Is a recolonization of Africa underway?
New Vision (Kampala) | Tuesday, 14th July, 2009
In November last year, The Financial Times reported that South Korea’s Daewoo had signed a 99-year lease for half of Madagascar’s arable land. According to the report, Daewoo expected to pay “nothing” for the lease.
The agreement covered 1.3 million hectares (3.2 million acres – an area the size of Belgium). Daewoo said it planned to plant corn on one million hectares in the arid western part of the island and 300,000 ha (740,000 acres) of oil palm on the land on the tropical east.
The Daewoo announcement came after the Food and Agriculture Organisation (FAO) warned that the push by some countries (notably China, Malaysia and Middle eastern nations) to secure farmland overseas could create a neo-colonial system.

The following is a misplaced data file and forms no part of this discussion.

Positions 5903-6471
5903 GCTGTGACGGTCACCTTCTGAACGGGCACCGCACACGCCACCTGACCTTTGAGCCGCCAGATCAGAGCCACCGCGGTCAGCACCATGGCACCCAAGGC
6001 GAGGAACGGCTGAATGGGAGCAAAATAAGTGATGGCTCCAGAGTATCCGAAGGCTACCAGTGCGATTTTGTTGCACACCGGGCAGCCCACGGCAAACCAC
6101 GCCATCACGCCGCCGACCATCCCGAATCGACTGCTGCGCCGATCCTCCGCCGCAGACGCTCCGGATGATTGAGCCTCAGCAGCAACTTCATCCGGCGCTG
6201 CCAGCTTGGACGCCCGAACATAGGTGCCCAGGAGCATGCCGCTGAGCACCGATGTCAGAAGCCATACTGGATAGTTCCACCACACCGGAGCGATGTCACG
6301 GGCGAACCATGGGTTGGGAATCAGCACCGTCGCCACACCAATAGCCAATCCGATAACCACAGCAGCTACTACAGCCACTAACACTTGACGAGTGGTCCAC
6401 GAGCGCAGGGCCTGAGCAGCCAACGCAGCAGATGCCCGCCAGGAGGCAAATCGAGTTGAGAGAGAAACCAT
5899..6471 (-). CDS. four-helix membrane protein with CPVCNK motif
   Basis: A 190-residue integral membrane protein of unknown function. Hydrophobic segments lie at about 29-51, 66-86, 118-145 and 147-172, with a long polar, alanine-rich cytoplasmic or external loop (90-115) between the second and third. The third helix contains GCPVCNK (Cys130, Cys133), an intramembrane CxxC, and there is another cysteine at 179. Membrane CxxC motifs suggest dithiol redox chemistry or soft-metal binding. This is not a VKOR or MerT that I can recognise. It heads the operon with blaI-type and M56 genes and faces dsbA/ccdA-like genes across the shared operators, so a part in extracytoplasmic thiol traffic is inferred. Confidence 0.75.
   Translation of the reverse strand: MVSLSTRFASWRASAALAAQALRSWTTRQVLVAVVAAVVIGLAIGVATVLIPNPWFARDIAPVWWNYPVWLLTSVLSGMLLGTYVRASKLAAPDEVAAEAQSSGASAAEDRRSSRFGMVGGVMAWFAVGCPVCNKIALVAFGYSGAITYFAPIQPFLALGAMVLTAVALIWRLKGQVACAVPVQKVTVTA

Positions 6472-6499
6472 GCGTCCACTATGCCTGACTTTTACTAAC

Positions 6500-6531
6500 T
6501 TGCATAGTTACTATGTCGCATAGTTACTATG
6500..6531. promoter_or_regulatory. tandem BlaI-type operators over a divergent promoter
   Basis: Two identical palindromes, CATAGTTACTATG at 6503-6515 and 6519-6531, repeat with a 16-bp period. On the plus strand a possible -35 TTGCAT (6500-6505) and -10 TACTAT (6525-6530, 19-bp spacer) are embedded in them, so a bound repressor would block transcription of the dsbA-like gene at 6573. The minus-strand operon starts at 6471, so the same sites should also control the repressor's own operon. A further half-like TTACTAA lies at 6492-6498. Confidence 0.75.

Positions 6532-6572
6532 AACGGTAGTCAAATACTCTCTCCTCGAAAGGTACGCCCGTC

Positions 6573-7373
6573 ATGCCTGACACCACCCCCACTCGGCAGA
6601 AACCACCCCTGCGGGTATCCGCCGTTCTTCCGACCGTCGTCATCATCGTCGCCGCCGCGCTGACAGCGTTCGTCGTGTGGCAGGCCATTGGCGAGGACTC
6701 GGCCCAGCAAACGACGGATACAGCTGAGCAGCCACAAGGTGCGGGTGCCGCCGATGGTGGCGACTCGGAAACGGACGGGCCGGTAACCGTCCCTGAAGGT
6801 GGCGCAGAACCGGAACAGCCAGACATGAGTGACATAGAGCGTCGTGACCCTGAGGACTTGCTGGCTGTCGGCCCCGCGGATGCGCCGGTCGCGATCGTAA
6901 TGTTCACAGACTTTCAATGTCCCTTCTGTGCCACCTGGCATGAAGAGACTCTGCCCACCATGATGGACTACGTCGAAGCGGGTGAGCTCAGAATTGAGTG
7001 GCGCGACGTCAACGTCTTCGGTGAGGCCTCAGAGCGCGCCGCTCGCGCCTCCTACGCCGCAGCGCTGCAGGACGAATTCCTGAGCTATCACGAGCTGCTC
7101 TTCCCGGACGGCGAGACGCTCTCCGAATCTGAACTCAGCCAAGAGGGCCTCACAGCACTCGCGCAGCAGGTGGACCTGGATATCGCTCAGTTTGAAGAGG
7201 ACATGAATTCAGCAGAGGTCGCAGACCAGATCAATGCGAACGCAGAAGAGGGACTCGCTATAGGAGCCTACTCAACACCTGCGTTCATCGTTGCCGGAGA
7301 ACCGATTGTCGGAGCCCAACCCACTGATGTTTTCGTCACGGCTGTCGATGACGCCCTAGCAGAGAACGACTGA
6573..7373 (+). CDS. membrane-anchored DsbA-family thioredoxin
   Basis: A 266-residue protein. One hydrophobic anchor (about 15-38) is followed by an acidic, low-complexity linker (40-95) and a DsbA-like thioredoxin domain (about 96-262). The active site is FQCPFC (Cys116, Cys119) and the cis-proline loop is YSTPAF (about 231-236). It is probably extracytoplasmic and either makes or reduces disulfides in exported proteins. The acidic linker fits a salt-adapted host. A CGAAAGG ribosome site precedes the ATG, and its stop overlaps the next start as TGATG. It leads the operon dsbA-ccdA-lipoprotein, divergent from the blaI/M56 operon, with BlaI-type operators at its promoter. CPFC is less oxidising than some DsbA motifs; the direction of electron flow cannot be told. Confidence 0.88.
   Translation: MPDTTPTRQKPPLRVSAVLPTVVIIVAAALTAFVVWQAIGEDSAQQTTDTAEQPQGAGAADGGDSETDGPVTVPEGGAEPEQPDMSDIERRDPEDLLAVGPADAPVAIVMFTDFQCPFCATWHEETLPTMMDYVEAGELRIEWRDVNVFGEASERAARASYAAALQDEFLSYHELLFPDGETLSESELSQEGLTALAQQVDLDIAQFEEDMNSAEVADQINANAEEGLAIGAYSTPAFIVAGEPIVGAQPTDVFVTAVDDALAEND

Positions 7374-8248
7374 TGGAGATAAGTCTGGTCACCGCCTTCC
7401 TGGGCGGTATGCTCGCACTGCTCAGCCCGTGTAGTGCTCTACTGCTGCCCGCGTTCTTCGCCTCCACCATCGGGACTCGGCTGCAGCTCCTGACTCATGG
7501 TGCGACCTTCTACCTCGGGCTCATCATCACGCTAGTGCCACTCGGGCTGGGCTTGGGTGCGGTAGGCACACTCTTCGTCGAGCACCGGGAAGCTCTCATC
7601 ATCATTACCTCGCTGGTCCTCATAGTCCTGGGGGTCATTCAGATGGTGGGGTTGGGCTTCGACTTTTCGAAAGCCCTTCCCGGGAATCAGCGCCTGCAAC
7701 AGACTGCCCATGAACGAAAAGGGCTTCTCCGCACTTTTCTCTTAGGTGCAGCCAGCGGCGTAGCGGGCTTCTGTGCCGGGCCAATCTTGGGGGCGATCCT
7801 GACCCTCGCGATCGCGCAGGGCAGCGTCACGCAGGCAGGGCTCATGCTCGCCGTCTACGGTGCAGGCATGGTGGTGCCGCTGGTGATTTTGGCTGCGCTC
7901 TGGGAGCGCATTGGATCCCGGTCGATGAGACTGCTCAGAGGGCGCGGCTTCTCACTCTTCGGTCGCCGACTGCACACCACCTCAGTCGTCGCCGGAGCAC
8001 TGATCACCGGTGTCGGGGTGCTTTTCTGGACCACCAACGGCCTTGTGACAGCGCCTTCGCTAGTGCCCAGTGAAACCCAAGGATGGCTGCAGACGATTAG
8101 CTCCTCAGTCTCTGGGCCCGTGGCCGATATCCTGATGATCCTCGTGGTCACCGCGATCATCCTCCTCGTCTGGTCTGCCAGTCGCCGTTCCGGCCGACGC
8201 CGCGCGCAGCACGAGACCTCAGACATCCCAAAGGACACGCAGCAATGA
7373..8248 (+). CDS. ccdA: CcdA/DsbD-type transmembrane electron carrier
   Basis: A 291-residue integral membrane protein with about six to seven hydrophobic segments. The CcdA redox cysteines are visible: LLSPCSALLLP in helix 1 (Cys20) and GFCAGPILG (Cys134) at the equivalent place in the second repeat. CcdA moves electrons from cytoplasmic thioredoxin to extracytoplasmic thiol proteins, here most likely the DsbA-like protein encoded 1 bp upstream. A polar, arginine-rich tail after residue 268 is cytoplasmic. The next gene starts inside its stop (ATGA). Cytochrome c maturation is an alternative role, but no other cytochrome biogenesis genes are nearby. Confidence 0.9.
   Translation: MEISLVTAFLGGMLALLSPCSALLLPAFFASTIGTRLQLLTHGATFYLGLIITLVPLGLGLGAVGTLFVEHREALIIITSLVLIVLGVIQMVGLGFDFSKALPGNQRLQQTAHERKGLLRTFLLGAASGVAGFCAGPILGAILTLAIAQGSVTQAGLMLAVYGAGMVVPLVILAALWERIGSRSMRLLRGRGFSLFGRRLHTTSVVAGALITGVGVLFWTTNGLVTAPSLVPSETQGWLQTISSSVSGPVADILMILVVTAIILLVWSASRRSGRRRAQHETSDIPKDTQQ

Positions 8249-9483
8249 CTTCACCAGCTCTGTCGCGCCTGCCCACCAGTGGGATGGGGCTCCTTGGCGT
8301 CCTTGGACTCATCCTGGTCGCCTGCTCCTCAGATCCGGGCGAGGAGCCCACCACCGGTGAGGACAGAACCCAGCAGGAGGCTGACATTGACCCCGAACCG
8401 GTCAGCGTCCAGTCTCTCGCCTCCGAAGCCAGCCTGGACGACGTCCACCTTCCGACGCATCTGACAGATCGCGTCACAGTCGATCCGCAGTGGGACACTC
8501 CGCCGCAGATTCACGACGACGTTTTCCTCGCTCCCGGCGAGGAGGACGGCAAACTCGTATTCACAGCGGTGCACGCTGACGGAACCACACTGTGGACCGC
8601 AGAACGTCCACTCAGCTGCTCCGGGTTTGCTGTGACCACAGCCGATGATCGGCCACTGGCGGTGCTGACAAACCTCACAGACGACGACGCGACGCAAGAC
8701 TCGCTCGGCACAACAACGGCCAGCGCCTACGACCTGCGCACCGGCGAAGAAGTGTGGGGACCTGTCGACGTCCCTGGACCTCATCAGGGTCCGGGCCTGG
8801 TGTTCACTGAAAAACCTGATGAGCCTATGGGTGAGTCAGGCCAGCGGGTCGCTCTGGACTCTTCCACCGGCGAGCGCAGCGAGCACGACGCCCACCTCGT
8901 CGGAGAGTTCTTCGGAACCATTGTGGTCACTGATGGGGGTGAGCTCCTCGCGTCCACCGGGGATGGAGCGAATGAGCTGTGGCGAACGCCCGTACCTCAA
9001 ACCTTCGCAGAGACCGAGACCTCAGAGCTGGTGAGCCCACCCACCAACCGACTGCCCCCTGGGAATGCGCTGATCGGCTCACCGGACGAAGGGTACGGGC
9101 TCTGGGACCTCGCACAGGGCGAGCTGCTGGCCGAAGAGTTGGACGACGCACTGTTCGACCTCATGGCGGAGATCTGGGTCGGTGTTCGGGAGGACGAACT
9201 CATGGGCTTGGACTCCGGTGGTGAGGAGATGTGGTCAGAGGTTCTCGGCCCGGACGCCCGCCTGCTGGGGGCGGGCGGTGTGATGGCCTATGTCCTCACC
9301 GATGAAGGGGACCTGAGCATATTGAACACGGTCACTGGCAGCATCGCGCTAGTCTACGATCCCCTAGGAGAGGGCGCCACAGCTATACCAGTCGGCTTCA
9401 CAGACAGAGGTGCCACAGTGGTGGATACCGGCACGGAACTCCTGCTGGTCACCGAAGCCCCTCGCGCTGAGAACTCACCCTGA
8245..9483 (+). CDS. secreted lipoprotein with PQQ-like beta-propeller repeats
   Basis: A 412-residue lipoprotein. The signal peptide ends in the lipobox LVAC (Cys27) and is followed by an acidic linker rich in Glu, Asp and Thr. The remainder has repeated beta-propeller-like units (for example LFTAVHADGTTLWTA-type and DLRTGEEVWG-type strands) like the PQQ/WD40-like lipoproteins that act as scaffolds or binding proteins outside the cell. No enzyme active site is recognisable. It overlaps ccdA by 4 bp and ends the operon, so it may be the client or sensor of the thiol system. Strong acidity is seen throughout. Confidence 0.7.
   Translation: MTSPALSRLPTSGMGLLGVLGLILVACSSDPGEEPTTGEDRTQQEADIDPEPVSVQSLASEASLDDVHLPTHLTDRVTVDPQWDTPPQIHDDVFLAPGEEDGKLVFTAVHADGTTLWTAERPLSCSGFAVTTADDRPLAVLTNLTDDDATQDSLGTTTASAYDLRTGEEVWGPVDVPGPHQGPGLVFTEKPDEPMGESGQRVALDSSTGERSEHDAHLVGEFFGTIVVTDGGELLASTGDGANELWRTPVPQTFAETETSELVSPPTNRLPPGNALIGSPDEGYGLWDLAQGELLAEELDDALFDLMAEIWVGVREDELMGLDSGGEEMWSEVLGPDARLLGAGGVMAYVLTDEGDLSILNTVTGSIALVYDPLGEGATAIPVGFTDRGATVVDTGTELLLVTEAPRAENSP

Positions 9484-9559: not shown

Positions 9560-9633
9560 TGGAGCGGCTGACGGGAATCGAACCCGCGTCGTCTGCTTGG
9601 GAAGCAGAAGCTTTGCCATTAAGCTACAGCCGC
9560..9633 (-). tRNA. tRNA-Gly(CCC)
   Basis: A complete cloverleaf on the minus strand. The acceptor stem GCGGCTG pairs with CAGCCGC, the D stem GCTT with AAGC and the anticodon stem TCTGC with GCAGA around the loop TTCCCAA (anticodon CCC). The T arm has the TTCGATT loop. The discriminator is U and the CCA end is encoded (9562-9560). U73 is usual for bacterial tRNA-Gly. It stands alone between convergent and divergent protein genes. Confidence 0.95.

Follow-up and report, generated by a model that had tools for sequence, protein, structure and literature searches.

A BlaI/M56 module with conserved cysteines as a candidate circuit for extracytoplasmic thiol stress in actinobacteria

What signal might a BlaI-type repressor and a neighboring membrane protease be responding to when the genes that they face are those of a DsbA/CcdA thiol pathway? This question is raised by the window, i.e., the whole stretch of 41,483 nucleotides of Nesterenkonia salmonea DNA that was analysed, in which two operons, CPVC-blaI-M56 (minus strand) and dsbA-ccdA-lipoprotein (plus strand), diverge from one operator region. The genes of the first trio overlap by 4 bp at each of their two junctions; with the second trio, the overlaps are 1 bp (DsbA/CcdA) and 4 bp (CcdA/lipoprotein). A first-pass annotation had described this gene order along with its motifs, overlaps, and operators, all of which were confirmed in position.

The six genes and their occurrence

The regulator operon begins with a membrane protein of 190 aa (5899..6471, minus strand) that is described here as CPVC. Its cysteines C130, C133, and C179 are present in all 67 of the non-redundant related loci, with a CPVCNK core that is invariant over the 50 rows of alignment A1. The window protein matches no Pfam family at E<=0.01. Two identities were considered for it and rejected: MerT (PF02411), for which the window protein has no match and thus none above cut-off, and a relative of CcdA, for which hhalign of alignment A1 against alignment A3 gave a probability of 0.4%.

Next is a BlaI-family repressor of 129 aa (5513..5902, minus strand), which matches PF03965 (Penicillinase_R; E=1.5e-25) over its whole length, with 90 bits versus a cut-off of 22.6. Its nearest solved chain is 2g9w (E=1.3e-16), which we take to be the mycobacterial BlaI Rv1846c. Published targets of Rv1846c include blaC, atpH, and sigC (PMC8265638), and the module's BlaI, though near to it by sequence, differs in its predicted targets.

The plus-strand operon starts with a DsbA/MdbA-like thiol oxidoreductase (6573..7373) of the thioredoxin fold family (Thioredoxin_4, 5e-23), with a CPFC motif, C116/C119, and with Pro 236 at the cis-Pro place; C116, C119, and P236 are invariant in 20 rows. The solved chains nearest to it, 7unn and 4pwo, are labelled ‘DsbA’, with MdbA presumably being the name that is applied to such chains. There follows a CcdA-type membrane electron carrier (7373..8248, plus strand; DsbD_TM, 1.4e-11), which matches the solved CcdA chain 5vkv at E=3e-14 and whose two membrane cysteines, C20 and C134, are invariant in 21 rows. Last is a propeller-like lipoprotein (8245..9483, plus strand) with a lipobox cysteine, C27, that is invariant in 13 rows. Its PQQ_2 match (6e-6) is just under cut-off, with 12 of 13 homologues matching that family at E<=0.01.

I was relieved to hear that on March 18, 2009, the new leader of Madagascar cancelled the deal.
Tanzania, Kenya and Ethiopia are joining a growing list of countries in Africa, leasing huge tracts of land to foreign corporations for agricultural use. Countries including China, Kuwait and Sweden are snapping up land in poorer nations, especially in Africa, to grow food or bio-fuels for use in their countries.
A few weeks prior to that, there were reports in the Egyptian press that Uganda had leased land to Egypt for the purpose of growing food. This report was denied in Uganda, however, more recently there were reports in The New Vision that Egypt was soon to start growing food in Uganda though the details of the land deal have not been made public and the initial denial by local authorities makes the whole deal suspect.